The police get a bad rap in the media, usually in high profile events like the recent worldwide 'Occupy' kerfuffle, including here in Melbourne, where they got their share of a caning in the media for use of excessive force. Or else they come to attention with stories of corruption, or incompetence etc. I can't speak for the experience that others have with their own police forces around the world, which I'm sure run the gamut from brutal lackeys of the corrupt elite, through to righteous upholders of the law, but I can speak of our own Victoria Police in a positive light.
Being an upstanding, law-abiding citizen, I have not really had much to do with the police, but realise that they have a hell of a job having to deal with the fall-out of society's ills. Incidents that must have far-reaching impacts on those involved like car accidents, violence, drunkenness, theft and the like, are grist to their mill and generally go unnoticed except by those involved.
An incident happened in our street over the weekend that left me full of admiration for our boys (and girls) in blue.
Saturday night saw a mentally disturbed man decide to make his way home across the rooftops of the homes on the western side of our street in an action resembling a human/possum hybrid. Jumping from rooftop to rooftop, breaking tiles as he went, he attracted a crowd of scared, angry neighbours. If he'd timed his run later he may have got away with it, but as it was relatively early most of the neighbourhood hadn't gone to bed yet. As it was, the street filled with have-a-go-heroes yelling threats and encouraging violence, while Possum-Man returned the love. Luckily some of the more sensible neighbours called the police who arrived fairly quickly and soon had the situation under control, telling the onlookers to go home and reassuring the elderly Greek couple on whose roof Possum-Man was ensconced. Then the hard work started.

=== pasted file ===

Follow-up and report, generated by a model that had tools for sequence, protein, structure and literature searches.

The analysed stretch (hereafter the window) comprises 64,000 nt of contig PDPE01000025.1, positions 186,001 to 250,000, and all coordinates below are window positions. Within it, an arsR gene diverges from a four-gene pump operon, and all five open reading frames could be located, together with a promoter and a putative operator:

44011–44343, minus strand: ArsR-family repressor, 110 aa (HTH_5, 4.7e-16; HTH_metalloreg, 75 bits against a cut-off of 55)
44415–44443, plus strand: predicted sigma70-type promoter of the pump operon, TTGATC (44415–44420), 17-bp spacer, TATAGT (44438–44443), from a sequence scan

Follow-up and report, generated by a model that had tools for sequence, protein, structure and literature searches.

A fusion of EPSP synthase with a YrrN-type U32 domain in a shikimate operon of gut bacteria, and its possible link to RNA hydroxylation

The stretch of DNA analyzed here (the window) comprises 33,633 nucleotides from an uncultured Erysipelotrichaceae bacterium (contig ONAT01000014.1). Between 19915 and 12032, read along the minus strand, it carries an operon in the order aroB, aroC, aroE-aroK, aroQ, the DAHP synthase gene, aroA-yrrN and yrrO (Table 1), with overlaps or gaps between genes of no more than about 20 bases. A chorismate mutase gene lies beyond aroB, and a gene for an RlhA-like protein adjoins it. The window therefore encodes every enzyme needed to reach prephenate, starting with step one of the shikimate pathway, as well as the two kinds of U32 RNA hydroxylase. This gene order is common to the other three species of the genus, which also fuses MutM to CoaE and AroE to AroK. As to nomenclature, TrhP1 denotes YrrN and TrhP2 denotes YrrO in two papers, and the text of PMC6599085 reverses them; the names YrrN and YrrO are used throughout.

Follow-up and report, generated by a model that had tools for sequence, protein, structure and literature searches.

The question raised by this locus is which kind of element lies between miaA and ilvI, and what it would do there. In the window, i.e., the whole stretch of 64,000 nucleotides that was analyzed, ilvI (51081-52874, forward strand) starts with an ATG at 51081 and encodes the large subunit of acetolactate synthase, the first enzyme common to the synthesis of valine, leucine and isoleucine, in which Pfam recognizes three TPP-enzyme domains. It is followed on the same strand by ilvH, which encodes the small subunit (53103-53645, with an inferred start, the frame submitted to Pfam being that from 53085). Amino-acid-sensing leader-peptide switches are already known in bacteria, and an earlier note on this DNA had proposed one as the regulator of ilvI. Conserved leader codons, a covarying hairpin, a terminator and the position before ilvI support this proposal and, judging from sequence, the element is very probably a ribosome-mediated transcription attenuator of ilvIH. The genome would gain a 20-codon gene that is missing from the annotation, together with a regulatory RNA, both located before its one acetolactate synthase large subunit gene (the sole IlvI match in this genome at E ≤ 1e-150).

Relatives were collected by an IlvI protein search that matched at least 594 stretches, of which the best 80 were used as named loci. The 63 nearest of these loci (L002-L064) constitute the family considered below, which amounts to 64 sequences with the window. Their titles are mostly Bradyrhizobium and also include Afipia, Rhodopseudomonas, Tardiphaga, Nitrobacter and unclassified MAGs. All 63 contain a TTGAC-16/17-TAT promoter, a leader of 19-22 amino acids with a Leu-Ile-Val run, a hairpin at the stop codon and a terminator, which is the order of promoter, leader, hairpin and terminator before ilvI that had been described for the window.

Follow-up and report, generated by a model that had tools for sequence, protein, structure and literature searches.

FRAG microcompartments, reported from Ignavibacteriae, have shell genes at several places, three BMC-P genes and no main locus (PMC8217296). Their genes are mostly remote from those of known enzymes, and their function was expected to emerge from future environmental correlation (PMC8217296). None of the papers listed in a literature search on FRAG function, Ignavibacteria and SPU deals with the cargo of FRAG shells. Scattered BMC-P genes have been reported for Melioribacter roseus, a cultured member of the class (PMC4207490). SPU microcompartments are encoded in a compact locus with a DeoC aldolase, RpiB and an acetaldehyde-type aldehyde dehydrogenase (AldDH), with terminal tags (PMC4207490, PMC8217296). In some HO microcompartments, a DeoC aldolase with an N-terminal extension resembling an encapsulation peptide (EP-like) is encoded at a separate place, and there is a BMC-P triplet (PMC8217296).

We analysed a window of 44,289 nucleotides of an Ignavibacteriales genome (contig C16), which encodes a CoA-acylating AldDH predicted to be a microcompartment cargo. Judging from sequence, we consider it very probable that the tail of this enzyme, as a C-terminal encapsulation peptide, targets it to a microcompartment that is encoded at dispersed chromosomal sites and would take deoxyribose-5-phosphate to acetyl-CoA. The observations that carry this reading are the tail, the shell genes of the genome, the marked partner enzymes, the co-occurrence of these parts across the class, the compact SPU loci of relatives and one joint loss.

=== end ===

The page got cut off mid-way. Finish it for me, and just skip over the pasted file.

The negotiation started with the man on the roof insisting that he wouldn't come down until he'd found his wallet, which he'd lost in his rooftop jaunt. He was adamant he wouldn't come down until the police had given him a torch with which he could search for the missing wallet. The police were equally adamant that they couldn't help him with his request and that he needed to get down off the roof. Many threats and insults and other invective were hurled at the cops over the next few hours while the police calmly but firmly stuck to their position and proceeded to wear down his resolve.
As this happened right across the street from us, it wasn't something that we could very well ignore, and with the volume of noise the fellow was making and his increased agitation, I felt that this was going to end badly with the police forced to use capsicum spray or tasers or else with the chap carrying out his threats to jump. Either way I thought it'd end up with him more or less involuntarily on the concrete after a fall of over 2.5 metres. After a previous experience with a drug addled nong flinging himself from the building I worked in, I wasn't relishing the thought of a similar thing happening where I lived, and feared the re-occurrence of flashbacks that had made life difficult a few years ago.
The police kept talking to him and after a brief flurry of action when the guy charged off to find his wallet on another roof, they eventually coaxed him down. The emotional toll of keeping up his angry rant began to tell as he alternated between extreme anger, lucid conversation and bouts of weeping. Eventually, even he realised that he couldn't stay there forever and after getting a promise from the negotiator that he would be allowed to look for his wallet under supervision after surrendering, which he got them to repeat while filming it on his camera.
After allowing himself to be cuffed, he then decided that he'd made a mistake and started struggling and roaring again, resulting in his being forcibly restrained, face down on the road. Needless to say, he didn't get to look for his wallet! He was eventually bundled into a divvy van (one of 3 police vehicles in the street!) and carted off. Tellingly, at no stage did a Crisis Assessment Team arrive to take over the negotiations, or even assist, despite the fact that the man admitted he'd not taken his medication and that he was 'crazy'. It's a sad indictment of the mental health system that the underfunded services cannot cope and that the police are the first line of mental health care.
Ten to fifteen years ago there was a spate of fatal police shootings of people in the grips of psychotic episodes in Victoria, so obviously there has been a lot of work put into training for non-violent resolution of these types of situations, and in this instance it paid off in spades.
So a happy ending to a difficult situation deserves a bit of recognition!